The Soundtrack


By • Jul 15th, 2007 •

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It’s time I had a rant. I haven’t had one for ages, not since I reviewed that appalling ‘ADDICTED TO MOVIES’ CD, and now it’s time.

Will somebody please tell me what is so damned difficult about differentiating between what is a soundtrack and what is a score? Listen up everyone and get those Spock-like ears pinned back right now, unless you want to remain as dim-witted as someone who’s named after a very expensive hotel in the French capital and recently (back) in prison: A movie or TV soundtrack is that which is heard in the movie or TV program itself. By that I mean the very same recording that is heard while you’re watching the movie or TV program. That is why they call it T-H-E S-O-U-N-D-T-R-A-C-K. Any other subsequent rendition, rearrangement, re-recording or whatever, should thereafter be referred to as the score.

It’s simple.

So then why do so many people get it wrong? Especially those people in the industry who should bloody well know better.

I recently reviewed for FIR ‘MUSIC FOR THE MOVIES: THE HOLLYWOOD SOUND’. On this otherwise excellent DVD the eminently qualified John Mauceri actually tells the orchestra that they are going to play some soundtrack music. Sorry John, but the only way you can play some soundtrack music is to get it on a CD, stick it in a player and press ‘go’. Apart from that, all you and your orchestra can do is play the score. ‘X MEN III: THE LAST STAND – THE ORIGINAL MOTION PICTURE SOUNDTRACK’… erm… no, it isn’t. Great music, but the opening title theme in the movie is a totally different arrangement than that on the so-called ‘soundtrack’ CD. And there are scores more (if you will forgive the pun).

I know that for various reasons the music for a movie is sometimes rearranged and re-recorded for CD release and I have no objection to that, but do not tell me that it’s a soundtrack when it plainly isn’t. That’s misrepresentation. It’s a lie, and it’s probably also illegal. I want to trust what it says on the can and if I’m misled again I’m going to be calling my lawyer…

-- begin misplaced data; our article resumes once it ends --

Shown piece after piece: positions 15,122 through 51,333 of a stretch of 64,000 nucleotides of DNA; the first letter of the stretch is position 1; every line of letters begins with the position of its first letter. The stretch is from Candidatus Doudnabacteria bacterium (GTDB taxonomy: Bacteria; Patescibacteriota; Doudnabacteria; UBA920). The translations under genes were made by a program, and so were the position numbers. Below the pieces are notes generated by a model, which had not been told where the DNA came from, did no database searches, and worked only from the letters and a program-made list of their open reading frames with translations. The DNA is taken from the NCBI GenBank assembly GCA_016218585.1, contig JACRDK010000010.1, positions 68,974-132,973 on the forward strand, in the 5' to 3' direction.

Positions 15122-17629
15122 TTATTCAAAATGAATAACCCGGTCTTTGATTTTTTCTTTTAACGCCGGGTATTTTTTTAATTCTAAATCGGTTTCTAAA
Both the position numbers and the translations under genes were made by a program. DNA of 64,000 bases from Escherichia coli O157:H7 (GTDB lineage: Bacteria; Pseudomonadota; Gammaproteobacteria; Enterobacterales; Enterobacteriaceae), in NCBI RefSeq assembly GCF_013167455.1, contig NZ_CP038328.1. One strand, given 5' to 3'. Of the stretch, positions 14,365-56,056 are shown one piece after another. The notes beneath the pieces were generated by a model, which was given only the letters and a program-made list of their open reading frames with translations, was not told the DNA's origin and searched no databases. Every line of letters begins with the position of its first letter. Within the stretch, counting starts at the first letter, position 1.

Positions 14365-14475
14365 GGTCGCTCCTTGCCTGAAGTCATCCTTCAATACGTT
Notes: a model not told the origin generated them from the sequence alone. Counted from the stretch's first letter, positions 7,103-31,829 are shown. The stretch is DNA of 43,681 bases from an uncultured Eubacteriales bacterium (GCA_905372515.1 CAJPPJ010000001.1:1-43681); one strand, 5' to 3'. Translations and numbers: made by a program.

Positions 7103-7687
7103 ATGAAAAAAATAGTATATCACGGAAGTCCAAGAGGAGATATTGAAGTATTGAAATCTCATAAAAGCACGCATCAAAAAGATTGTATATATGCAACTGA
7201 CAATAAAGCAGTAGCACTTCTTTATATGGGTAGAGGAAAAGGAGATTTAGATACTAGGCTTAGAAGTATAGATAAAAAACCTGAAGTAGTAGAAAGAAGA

Also, while I’m in a belligerent mood, can somebody tell me why the City of Prague Philharmonic Orchestra is so sloppy, yet so popular? This orchestra features on many re-releases of film scores (scores, got it?) from Silva Screen Records, and whilst most of their prolific output is reasonably adequate, many of their performances are atrocious and should never have seen the light of disc. They particularly have trouble with light, fast pieces. They can’t do ‘light’ or ‘fast’, they’re just not tight, or light, enough, and I don’t know if this is the orchestra or the leader, but ultimately it’s the conductor who is to blame and whoever listened to it and decided it was okay to release upon the unsuspecting general public whom Silva Screen Records obviously assume to be moronic, unmusical imbeciles. In fact it’s a downright insult. Listen to their rendition of ET: THE EXTRA-TERRESTRIAL on the SCIENCE FICTION ALBUM (FILMXCD 359). I listened to it alongside John Williams’ own release conducting the London Symphony Orchestra and whereas Williams produces a feather light soufflé, the City of Prague Phil comes up with gloopy custard. Stodgy just isn’t the word. Their version of Williams’ pacey LOST IN SPACE TV theme (season three) is also equally inept with one half of the orchestra unable to keep up with the other and ending on a terrible dischord. Don’t these people listen to the originals so that they at least have an idea of what they’re meant to sound like? An equally bad recording, if not in fact worse, is their version of Barry Gray’s great UFO TV theme, made all the more surprising as it’s conducted by Derek Wadsworth, who took over the musical reins after Gray for SPACE 1999 season two. Both the arrangement and performance is abysmal. One bizarre key change follows another and again the whole ends with blaring flutes hitting different, and wrong, notes! You’re just left thinking ‘What?!’ If you don’t believe me, both these recordings can be found on THE CULT FILES: RE-OPENED (FILMXCD 191). Sorry guys and gals of the City of Prague Philharmonic, I’m sure you’re very nice people, but simply get someone to listen to the playbacks before you release this second-rate dross, and I’m also reminded of the great and irascible Sir Malcolm Sergeant who once reputedly addressed a female cellist in his orchestra: “Madam,” he said, “you have between your legs an instrument that can bring pleasure to thousands, and yet all you can do is sit there and scratch it!”